Nevertheless, Dunlee hopes to make the Hi-5 grid its product of the future, concentrating its effort to spread the word about its dose reduction benefits. “If we can create some demand, we can develop the product. The product’s already been developed—it’s just a question of producing,” Spees noted, saying that the company can start rolling it out as soon as the next 2 months. “We don’t have anything planned beyond this at the moment, but this is all depending on what we can do from a research and development standpoint to test out new interspaced materials. We’re always looking for ways for people to benefit from better radiation cleanup at the lowest dose possible.”

Dunlee will be showcasing its Hi-5 Grid at the upcoming American Healthcare Radiology Administrators meeting on August 9-12 in Las Vegas.

—Elaine Sanchez

Recessionary Times … Time to Retrofit?

With the heady mix of budget constraints and a recessionary environment, hospital radiology labs and imaging centers are getting creative. They’re seeking ways to stay competitive, improve patient care, and make their capital investments last, while still conserving cash. One solution? Retrofitting.

According to InfiMed, a developer of digital medical acquisition, image processing, and sensor solutions, the retrofit option is experiencing a boost in popularity and sales. Since the fourth quarter of 2008, InfiMed has experienced an increase of 25% over 2007 and 2008 sales levels of new systems for the retrofit market through its dealer channel.

“Today’s depressed economy has choked major capital spending, yet the call for quality imaging is multiplying,” said Amy Ryan, president of InfiMed. “Retrofitting a room is a cost-effective alternative to purchasing all new equipment.”

“Our customers are increasingly receptive to our story, which is all is not lost if you can’t spend the money for an entirely new suite,” said Steve Walsh, president of Eastern Diagnostics, a dealer partner with Infimed. “Alternatives exist through the retrofit market, in which new acquisition, processing, and review technologies can be added on to existing rooms or machines. Radiology managers, CEOs, directors, and other hospital contacts are listening. As a result, as of June of this year, we’re already at 90% of our budget for bookings.”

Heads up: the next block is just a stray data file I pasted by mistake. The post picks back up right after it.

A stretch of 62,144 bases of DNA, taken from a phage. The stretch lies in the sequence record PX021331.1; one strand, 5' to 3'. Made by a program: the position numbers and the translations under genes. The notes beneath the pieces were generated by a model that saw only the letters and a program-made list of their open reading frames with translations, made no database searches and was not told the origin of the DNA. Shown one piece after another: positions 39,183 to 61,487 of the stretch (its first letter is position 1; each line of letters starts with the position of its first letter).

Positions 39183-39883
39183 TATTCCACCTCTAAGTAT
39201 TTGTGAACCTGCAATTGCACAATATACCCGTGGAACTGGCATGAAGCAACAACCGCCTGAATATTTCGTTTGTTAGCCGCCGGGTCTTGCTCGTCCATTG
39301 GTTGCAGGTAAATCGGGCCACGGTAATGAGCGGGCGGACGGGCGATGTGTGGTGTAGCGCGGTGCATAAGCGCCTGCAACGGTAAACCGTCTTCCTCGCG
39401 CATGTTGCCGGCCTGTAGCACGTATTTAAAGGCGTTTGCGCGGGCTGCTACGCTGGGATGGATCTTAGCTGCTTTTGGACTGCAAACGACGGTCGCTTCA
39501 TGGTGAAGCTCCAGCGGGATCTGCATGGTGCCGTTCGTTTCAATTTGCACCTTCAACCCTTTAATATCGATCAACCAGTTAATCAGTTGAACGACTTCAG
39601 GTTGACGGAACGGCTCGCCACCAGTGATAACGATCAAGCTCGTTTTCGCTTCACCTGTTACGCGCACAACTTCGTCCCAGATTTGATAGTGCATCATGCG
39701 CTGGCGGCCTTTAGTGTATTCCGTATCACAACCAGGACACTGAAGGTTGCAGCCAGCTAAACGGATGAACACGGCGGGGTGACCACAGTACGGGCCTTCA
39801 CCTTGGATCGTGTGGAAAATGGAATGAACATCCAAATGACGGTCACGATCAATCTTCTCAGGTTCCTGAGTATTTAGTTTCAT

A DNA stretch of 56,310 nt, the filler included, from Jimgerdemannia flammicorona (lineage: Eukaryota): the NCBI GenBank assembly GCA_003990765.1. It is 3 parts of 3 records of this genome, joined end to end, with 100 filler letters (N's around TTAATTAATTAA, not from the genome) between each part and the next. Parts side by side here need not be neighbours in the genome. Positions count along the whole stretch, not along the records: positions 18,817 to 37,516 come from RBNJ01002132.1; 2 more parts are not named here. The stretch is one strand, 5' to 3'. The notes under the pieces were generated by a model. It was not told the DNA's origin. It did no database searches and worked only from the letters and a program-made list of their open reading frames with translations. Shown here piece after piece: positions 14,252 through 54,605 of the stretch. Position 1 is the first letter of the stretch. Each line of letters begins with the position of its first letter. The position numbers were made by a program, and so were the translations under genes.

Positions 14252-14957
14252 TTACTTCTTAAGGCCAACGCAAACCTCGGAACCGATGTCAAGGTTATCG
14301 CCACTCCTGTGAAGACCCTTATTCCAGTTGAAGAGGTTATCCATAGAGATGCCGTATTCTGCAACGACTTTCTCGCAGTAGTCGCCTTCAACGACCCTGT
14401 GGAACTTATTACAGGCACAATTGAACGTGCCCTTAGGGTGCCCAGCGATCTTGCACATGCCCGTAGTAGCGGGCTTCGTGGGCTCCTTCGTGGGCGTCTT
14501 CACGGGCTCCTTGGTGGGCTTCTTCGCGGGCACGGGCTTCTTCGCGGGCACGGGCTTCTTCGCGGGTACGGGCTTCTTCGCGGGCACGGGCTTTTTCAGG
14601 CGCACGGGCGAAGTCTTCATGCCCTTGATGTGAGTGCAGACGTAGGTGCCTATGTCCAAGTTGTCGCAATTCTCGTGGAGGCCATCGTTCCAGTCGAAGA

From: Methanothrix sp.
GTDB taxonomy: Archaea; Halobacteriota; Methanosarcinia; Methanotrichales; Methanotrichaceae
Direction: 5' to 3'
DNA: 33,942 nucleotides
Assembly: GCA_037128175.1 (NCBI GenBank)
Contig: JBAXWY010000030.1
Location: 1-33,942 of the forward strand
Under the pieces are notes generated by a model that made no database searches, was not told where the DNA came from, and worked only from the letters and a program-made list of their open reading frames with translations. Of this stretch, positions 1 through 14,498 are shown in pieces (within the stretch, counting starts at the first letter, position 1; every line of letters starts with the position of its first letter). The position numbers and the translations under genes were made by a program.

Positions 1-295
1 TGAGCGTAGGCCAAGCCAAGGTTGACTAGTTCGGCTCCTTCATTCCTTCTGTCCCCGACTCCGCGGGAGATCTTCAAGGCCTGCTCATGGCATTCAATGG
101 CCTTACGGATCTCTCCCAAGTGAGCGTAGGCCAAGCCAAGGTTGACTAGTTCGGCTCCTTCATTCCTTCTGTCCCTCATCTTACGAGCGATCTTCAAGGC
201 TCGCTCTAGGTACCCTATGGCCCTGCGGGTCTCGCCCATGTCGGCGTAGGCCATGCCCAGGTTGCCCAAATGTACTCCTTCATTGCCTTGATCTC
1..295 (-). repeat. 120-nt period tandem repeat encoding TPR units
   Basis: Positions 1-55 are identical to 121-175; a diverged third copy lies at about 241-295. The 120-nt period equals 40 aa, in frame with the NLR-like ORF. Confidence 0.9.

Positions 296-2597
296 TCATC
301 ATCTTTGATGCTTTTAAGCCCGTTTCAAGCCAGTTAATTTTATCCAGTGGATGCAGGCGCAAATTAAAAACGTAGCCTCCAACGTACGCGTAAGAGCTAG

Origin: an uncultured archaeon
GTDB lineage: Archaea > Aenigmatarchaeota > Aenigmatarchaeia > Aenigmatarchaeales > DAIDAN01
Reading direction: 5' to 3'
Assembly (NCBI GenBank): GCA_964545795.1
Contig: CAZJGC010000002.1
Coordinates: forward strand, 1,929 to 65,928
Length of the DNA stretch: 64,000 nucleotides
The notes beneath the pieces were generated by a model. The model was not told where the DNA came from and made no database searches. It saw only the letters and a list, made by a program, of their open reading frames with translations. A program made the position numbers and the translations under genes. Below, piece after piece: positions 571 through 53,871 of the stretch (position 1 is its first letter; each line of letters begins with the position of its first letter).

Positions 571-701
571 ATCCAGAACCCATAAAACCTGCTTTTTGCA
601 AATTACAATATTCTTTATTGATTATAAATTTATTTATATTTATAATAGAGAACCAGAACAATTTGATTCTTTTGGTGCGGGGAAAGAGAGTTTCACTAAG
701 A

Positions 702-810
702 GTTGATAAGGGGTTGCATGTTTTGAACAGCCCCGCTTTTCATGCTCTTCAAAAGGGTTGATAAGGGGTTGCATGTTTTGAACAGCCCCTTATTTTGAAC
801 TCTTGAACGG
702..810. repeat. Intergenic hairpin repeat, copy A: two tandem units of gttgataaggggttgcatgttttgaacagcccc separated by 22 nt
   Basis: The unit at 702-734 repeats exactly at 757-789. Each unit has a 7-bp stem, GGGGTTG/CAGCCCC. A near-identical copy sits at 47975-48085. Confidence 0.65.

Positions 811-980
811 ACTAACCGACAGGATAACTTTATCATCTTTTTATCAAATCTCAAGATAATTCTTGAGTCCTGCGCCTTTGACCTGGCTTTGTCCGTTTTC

InfiMed and its dealers on the ground attribute the increase in the attractiveness of retrofit to squeezed budgets and financial pressures, which have decreased the hospitals’ ability to make significant capital purchases in imaging suites. Hospitals can purchase equipment on a smaller scale that can be retrofitted instead of replacing entire suites at one time, improving their capabilities but retaining cash.

“Hospitals are realizing that they can solve their imaging issues by replacing entire suites for $350,000 in capital funds, or they can upgrade their digital imaging acquisition systems with their service or operating budget for less, with the same or better diagnostic results,” said Walsh. “A new room gets you a new table, but that’s just furniture. It doesn’t get radiologists more diagnostic capability. Hospitals are realizing that significant value can be had for much less with digital add-ons.”

The typical health care woes of reduced reimbursements and tight funds are doubly difficult today as they combine with a recession. It’s causing many hospitals to wait too long to replace critical equipment that threatens their ability to perform. The retrofit option, then, seems like a useful and valuable option for hospitals to prevent disaster and even improve their capabilities.

“We understand that tight budgets mean purchases of imaging equipment have to be smarter,” said Ryan. “Ours is an intelligent choice. With our platform, hospitals can image today with a CCD camera and next year, as needs and finances change, with a flat panel detector. The iSeries is flexible, adaptable, and upgradeable—requirements for survival in today’s competitive imaging equipment market.”